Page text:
Four charts that highlight rising GP workload

Rising pressure on general practice over the past decade has brought the profession to a point where the vast majority now support a cap on workload. GPonline looks at the level of workload GPs face, and the factors behind it.

More than four out of five GPs now support a cap on the number of face-to-face consultations they should be able to provide per day - with most backing a cap of 30 per day or less - according to a recent GPonline poll.

Many GPs currently deliver in excess of this figure, however, and many of the 600-plus GPs who responded to our poll warned that heavy workload was putting patients at risk. Some said they were retiring early, or reducing the hours they worked to avoid burnout.

Despite health secretary Jeremy Hunt's pledge to increase the GP workforce by 5,000 by 2020/21, GP numbers remain in decline. Numbers of patients, meanwhile - and crucially, numbers of patients in the older age groups likely to visit GPs most, many with multiple long-term conditions - have risen sharply.

GP numbers have fallen since 2015 while patient numbers grew

The sharp decline in GPs opting for partnership roles (see graphic above) in recent years will dial up the pressure on the rest of the workforce, because evidence from GPonline's polling shows that this group are something of a workload sink for the profession - tending to work longer hours and complete more consultations per session than either salaried or locum GPs.

More than a third of full-time partners work more than 50 hours a week, compared with just 12.8% of full-time sessional GPs.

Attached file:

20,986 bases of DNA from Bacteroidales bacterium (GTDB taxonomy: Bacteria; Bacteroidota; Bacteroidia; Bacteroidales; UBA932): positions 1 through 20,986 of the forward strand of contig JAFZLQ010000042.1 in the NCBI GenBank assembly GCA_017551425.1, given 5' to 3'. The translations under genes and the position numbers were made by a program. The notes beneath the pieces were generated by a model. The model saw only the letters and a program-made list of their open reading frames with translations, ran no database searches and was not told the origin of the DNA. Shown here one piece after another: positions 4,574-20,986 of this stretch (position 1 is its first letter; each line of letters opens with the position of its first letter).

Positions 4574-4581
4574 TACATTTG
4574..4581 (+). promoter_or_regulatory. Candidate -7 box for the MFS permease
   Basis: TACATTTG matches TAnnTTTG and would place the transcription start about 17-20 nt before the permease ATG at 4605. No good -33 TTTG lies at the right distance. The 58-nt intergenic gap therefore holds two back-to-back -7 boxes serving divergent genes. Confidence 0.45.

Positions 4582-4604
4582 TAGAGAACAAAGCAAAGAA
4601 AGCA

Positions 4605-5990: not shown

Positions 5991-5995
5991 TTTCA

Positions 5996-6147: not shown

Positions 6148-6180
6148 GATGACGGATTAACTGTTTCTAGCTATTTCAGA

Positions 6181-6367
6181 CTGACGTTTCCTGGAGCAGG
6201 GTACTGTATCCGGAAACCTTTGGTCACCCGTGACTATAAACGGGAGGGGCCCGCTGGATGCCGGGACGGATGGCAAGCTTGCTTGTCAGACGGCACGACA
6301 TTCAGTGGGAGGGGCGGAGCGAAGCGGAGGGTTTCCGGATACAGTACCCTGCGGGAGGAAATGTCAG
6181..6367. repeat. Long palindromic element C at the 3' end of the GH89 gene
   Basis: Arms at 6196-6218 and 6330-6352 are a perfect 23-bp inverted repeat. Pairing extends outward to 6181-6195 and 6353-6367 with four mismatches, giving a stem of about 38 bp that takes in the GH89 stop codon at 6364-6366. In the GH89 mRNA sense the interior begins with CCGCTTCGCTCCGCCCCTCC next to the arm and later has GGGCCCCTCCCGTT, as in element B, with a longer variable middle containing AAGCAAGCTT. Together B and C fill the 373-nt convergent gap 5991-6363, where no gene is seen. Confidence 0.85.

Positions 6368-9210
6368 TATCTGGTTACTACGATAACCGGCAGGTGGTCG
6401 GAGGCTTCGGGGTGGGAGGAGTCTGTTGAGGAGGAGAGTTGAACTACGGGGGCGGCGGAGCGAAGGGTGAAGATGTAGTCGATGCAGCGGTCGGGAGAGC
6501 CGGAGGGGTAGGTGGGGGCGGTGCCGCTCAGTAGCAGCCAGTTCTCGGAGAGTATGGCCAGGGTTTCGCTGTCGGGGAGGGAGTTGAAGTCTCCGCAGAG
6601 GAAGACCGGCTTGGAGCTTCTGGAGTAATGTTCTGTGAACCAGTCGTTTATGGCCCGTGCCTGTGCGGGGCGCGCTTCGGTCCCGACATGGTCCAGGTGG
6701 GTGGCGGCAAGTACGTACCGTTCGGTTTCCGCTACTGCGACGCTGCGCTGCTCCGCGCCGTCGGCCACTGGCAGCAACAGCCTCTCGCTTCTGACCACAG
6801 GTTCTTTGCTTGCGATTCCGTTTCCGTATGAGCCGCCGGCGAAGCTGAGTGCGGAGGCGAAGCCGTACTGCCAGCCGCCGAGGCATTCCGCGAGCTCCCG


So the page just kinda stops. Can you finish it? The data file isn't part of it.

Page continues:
Comparing the number of consultations per average session that GPs deliver shows that partners and salaried GPs are more likely to report that they regularly provide 20-30, 30-40 or more than 40 per session.

But across all GPs, many are at times forced to take on huge numbers of patient consultations per day in the current environment - with more than a quarter saying they had carried out more than 50 consultations in a day at some point in the past year.

GP leaders have warned that an injection of funding well beyond the GP Forward View pledge of an extra £2.4bn a year by 2020/21 will be needed to pull the profession out of the current crisis, and the charts above lend weight to this claim.

One GP responding to our poll said: 'It feels important to have a discussion about the reality of workload limits and the real dangers of the inabilty to think clearly that result from too many consultations. The additional workload of results/emails and paperwork add to this.'

Another said: 'It is getting harder and harder to get through the work and feel you are delivering a safe/satisfying service to patients.'

The BMA has warned that under current plans general practice will remain underfunded by £3.4bn by the end of the decade.

The union is expected to publish guidance on managing workload imminently - and GPs will have to hope that this will keep them going until a political consensus for a step change in GP funding can be achieved.

Read more
>
Can we set workload limits in general practice?
>
Four in five GPs back cap on face-to-face consultations
>
Dr Chris Mimnagh: There is no one-size-fits-all for GP workload limits
>
Can NHS England's 10 High Impact Actions help GPs manage workload?

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